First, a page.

Efficient. Cheaper. Safer. We got some one-on-one time with Grappy to talk about these drone-related words that are making companies drool.

How has drone use improved safety in the workplace?
JG: Drones are often advertised as being able to perform the dull, dirty and dangerous jobs. For instance, confined-space inspections for pipes or ballasts can easily be done with a drone, without the need of a human ever having to climb down into potentially dangerous environments.

There are similar examples in construction, public safety and agriculture use. The drone industry is still in its infancy, and we will continue to see a lot of unique and innovative ways businesses can use drones to keep their workers safe.

How does BWC use drones in its work?
JG: We document workplace accident scenes. We fly our drones to capture pictures of a scene and then use photogrammetry software to build 3D models. This enables our investigators to essentially take the accident scene back to the office with them. The models we produce are fully measurable and you can rotate or fly through them to see things from any angle.

Have we seen a significant savings in workers’ comp or other areas by using drones?
JG: I don’t have any specific statistics related to monetary savings, but BWC views its drones as a safety tool. With that in mind, we can use this relatively inexpensive equipment to comprehensively document accident scenes in a way that was previously not possible. I feel that leveraging cutting-edge technology while keeping our investigators safe is worth every penny spent. Additionally, from a time perspective, the savings can be significant. The image collection from some of the more complex investigations can go from hours to minutes with the use of our drones. In many other industries there are examples of the work done by drones being accomplished eight times faster than traditional methods.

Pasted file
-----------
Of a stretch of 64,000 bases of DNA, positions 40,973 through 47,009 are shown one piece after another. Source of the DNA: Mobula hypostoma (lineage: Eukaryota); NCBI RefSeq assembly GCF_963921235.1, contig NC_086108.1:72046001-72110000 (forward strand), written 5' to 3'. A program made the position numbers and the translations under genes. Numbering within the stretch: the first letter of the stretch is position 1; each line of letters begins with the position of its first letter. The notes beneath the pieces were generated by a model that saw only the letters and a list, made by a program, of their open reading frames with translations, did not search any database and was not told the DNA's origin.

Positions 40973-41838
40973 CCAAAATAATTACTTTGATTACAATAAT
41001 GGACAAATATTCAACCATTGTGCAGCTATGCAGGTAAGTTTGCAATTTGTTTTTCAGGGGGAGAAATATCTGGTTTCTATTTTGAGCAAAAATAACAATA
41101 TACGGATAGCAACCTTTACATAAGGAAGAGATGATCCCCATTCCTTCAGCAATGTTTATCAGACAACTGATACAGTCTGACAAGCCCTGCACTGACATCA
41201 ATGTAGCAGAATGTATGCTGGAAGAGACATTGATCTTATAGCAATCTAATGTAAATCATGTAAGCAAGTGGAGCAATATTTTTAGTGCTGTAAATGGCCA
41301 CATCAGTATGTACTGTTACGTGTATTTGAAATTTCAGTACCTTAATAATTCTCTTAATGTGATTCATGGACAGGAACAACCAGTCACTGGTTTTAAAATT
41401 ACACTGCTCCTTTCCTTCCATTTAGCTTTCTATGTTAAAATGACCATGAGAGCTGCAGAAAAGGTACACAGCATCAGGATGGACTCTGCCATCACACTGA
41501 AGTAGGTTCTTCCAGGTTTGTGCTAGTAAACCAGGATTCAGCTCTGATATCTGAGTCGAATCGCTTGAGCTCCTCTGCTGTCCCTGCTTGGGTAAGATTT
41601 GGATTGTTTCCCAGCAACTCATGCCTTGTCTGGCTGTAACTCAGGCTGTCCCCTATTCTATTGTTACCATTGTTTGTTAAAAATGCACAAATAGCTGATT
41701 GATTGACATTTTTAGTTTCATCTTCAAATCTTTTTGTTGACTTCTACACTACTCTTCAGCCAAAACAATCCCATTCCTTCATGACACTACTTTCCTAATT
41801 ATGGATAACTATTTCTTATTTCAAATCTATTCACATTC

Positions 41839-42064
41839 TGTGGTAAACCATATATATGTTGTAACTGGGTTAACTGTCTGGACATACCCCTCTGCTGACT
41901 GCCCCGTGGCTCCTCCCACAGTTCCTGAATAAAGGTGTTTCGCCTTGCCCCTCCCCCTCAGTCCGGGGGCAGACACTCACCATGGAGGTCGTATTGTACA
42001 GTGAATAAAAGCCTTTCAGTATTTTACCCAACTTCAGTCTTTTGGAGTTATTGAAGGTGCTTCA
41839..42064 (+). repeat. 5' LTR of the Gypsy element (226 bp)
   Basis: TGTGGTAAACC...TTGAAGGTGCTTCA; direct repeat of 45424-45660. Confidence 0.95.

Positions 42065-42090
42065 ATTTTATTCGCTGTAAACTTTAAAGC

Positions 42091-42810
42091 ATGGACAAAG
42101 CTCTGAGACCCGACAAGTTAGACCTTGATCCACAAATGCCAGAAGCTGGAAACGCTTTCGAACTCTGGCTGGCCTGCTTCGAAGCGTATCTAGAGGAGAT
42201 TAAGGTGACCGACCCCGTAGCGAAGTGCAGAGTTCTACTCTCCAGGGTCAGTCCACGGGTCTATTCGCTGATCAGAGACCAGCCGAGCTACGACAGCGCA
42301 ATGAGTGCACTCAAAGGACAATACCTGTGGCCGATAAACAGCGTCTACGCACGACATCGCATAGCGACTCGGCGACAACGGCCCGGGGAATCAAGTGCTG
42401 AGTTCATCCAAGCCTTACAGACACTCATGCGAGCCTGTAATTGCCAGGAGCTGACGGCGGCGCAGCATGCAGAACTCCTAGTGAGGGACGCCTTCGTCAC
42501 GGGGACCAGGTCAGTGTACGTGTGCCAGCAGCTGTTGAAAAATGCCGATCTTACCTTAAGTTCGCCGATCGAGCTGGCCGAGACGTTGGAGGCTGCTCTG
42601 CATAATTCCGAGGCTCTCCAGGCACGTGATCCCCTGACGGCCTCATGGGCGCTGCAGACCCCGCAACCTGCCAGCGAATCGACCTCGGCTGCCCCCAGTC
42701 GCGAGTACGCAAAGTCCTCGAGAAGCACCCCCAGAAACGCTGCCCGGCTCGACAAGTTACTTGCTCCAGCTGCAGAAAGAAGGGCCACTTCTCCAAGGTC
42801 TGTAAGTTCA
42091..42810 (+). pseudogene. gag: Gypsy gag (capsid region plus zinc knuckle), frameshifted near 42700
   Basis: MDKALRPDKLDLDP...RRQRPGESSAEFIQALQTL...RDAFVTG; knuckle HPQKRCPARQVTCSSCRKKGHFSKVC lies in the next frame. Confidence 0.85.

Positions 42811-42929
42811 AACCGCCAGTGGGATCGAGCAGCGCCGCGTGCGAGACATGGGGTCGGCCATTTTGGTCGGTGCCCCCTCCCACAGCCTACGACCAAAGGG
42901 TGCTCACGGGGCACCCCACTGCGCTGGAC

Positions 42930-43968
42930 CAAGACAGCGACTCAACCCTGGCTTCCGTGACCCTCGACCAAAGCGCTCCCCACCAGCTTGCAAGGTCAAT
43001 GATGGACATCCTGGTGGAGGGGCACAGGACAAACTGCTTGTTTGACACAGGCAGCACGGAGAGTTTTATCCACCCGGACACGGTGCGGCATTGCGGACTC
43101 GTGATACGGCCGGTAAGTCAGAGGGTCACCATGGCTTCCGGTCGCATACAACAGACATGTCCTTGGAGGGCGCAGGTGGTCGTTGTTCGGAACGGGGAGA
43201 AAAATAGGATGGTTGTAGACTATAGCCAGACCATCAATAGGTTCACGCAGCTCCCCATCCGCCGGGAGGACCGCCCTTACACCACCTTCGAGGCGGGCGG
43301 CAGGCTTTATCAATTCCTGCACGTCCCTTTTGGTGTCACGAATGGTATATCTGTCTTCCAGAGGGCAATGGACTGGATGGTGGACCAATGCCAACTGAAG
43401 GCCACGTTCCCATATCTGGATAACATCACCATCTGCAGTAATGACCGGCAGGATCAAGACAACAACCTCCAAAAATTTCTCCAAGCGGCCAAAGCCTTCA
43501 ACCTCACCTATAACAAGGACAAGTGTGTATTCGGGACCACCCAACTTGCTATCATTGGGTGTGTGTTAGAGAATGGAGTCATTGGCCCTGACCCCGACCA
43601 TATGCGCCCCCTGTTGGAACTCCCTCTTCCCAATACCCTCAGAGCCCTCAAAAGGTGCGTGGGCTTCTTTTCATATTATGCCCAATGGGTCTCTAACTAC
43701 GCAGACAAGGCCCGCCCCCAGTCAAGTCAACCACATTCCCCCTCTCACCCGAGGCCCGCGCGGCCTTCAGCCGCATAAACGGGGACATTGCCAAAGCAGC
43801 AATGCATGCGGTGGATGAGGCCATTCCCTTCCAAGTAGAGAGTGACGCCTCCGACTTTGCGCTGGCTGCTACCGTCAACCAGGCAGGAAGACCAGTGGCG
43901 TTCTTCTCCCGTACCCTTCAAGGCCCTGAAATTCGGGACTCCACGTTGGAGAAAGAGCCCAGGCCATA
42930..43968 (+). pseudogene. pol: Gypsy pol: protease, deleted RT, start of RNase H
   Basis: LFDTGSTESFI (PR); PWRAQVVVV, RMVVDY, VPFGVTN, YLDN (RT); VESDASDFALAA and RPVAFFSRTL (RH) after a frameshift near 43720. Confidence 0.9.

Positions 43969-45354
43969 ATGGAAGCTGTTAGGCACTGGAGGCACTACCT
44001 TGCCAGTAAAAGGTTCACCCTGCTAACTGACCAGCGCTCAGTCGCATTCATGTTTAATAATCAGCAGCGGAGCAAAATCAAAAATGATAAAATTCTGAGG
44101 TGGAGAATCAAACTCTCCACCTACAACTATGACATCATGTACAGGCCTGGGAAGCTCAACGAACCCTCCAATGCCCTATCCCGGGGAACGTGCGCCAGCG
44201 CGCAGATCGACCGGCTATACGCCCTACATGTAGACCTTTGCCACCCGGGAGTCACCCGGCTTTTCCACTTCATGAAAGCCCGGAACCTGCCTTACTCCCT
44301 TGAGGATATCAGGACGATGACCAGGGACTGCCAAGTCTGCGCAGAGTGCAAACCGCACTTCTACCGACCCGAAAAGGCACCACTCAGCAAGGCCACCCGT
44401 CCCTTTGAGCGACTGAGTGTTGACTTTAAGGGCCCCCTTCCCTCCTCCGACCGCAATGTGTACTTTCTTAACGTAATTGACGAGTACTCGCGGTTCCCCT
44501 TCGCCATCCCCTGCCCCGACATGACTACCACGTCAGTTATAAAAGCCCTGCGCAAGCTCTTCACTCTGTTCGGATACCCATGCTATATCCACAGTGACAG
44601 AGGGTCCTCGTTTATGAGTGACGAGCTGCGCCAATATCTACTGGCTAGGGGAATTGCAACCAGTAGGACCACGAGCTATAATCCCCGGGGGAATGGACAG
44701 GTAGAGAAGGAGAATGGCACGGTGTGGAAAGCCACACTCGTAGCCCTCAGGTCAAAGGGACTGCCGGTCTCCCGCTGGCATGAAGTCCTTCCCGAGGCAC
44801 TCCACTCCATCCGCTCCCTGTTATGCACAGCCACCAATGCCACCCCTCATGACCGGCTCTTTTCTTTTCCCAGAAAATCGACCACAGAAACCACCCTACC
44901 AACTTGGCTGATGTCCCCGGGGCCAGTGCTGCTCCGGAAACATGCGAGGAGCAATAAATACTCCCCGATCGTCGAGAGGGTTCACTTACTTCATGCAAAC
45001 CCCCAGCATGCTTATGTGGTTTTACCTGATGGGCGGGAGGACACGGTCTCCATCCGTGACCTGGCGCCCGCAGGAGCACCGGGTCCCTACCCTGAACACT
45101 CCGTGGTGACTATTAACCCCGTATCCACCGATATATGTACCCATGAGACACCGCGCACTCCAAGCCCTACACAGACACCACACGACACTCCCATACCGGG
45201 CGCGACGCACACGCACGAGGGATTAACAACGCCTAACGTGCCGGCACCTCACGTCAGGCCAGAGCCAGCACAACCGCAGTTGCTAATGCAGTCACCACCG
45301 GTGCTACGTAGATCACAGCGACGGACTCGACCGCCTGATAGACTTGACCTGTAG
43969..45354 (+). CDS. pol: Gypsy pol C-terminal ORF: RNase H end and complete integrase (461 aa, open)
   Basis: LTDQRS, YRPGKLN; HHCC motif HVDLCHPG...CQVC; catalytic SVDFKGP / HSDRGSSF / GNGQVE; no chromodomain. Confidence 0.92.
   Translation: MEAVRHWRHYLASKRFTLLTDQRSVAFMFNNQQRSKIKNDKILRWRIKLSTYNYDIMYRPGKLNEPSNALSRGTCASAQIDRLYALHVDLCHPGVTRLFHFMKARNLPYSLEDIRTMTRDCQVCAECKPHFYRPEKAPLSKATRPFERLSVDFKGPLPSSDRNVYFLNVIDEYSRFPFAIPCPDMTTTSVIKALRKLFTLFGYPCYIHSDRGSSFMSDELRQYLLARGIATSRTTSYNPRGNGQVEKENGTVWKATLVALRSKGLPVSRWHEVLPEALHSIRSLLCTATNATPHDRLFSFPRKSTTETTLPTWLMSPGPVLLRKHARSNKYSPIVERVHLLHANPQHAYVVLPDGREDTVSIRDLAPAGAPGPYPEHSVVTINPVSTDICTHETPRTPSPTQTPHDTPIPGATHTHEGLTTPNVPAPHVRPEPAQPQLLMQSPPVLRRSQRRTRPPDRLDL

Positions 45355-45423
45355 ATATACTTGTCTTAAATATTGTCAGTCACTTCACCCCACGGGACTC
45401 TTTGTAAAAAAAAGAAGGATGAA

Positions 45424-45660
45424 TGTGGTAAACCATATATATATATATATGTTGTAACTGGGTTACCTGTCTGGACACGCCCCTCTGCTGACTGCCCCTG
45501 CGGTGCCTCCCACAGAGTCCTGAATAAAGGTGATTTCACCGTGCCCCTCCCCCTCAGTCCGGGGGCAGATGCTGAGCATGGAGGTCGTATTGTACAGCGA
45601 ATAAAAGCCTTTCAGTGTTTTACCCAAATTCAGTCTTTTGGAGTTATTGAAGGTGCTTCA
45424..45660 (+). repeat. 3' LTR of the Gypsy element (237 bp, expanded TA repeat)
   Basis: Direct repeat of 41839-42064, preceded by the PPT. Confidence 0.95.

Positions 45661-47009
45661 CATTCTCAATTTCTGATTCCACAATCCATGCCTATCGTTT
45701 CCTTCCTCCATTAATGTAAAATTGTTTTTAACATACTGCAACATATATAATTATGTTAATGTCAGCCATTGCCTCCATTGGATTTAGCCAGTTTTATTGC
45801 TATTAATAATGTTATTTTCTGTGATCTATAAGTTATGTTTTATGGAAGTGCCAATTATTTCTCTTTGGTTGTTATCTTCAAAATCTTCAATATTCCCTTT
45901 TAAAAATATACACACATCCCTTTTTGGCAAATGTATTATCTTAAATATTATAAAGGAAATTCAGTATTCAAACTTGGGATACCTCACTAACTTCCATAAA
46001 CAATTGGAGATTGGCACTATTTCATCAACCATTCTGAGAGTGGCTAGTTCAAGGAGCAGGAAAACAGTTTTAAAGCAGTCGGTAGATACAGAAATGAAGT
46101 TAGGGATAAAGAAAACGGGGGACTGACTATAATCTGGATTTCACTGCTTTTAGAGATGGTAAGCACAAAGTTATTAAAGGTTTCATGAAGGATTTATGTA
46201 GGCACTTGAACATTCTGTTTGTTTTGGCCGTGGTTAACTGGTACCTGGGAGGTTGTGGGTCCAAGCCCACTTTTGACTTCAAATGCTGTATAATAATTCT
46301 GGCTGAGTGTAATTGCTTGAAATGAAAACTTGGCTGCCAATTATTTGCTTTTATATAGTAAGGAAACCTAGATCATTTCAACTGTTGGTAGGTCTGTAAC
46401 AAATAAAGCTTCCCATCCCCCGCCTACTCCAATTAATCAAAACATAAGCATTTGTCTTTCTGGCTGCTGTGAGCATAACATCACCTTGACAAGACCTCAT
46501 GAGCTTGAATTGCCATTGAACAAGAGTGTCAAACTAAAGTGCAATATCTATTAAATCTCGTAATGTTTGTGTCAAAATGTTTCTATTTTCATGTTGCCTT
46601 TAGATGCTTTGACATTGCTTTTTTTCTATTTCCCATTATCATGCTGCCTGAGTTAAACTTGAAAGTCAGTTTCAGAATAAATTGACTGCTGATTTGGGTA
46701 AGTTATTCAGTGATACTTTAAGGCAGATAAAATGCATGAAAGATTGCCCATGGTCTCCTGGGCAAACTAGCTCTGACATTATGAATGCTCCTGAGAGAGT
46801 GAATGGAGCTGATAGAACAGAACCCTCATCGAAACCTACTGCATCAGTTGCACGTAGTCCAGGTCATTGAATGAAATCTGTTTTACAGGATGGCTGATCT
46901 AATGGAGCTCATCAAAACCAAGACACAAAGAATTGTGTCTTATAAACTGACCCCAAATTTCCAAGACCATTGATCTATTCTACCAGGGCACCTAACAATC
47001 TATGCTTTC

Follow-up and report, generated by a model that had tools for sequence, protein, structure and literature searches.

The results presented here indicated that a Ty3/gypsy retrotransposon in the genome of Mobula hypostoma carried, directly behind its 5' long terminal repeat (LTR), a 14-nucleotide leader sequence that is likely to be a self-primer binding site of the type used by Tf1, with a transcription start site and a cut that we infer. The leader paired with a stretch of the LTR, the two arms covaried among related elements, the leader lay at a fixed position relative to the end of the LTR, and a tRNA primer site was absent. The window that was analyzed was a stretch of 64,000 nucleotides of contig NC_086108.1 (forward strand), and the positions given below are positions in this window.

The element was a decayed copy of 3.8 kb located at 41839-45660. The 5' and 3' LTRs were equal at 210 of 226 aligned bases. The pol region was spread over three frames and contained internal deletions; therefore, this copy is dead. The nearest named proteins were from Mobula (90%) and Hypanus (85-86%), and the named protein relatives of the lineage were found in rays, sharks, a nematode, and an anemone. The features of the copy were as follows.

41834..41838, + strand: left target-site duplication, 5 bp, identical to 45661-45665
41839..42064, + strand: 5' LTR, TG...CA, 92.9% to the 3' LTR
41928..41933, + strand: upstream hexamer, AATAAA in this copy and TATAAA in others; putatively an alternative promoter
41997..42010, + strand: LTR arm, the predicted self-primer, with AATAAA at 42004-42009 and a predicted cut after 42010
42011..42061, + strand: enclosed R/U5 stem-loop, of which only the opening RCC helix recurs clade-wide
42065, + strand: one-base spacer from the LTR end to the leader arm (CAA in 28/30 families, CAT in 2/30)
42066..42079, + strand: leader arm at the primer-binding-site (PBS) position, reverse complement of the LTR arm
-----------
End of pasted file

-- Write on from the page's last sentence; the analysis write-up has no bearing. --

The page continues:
Are you seeing employers hiring out drone work or are they beginning to establish jobs for drone operators within their companies?
JG: It seems there is still a mix of both. However, it certainly depends on the type of work that needs done. Some jobs that are difficult to do technically might be more of a fit for a drone contractor with experience in the specific type of flight environment. More simple uses of drones for basic image capture can be easier to manage in-house.

Part of BWC’s drone program is to consult with employers who would like to start using drones. We help them navigate all the regulations, training and operational knowledge needed to use drones commercially. A lot goes in to putting a program together.

We can get companies up to speed quickly so they can make an informed decision on whether it makes sense to push forward with their own program or to hire it out. If a company has one pilot and just needs an aircraft to produce decent photos and video, you could get started with equipment and training for around $2,000.

What should an Ohio employer do if it is interested in starting a drone program?
JG: Reach out to me for more information. I will meet with them one on one, by phone or by email and help in any way I can. Drones are an incredible safety tool and I’m happy to share the expertise I’ve developed through the BWC drone program.

Contact Info:
Joshua Grappy
Ohio Bureau of Workers’ Compensation
UAS Program Coordinator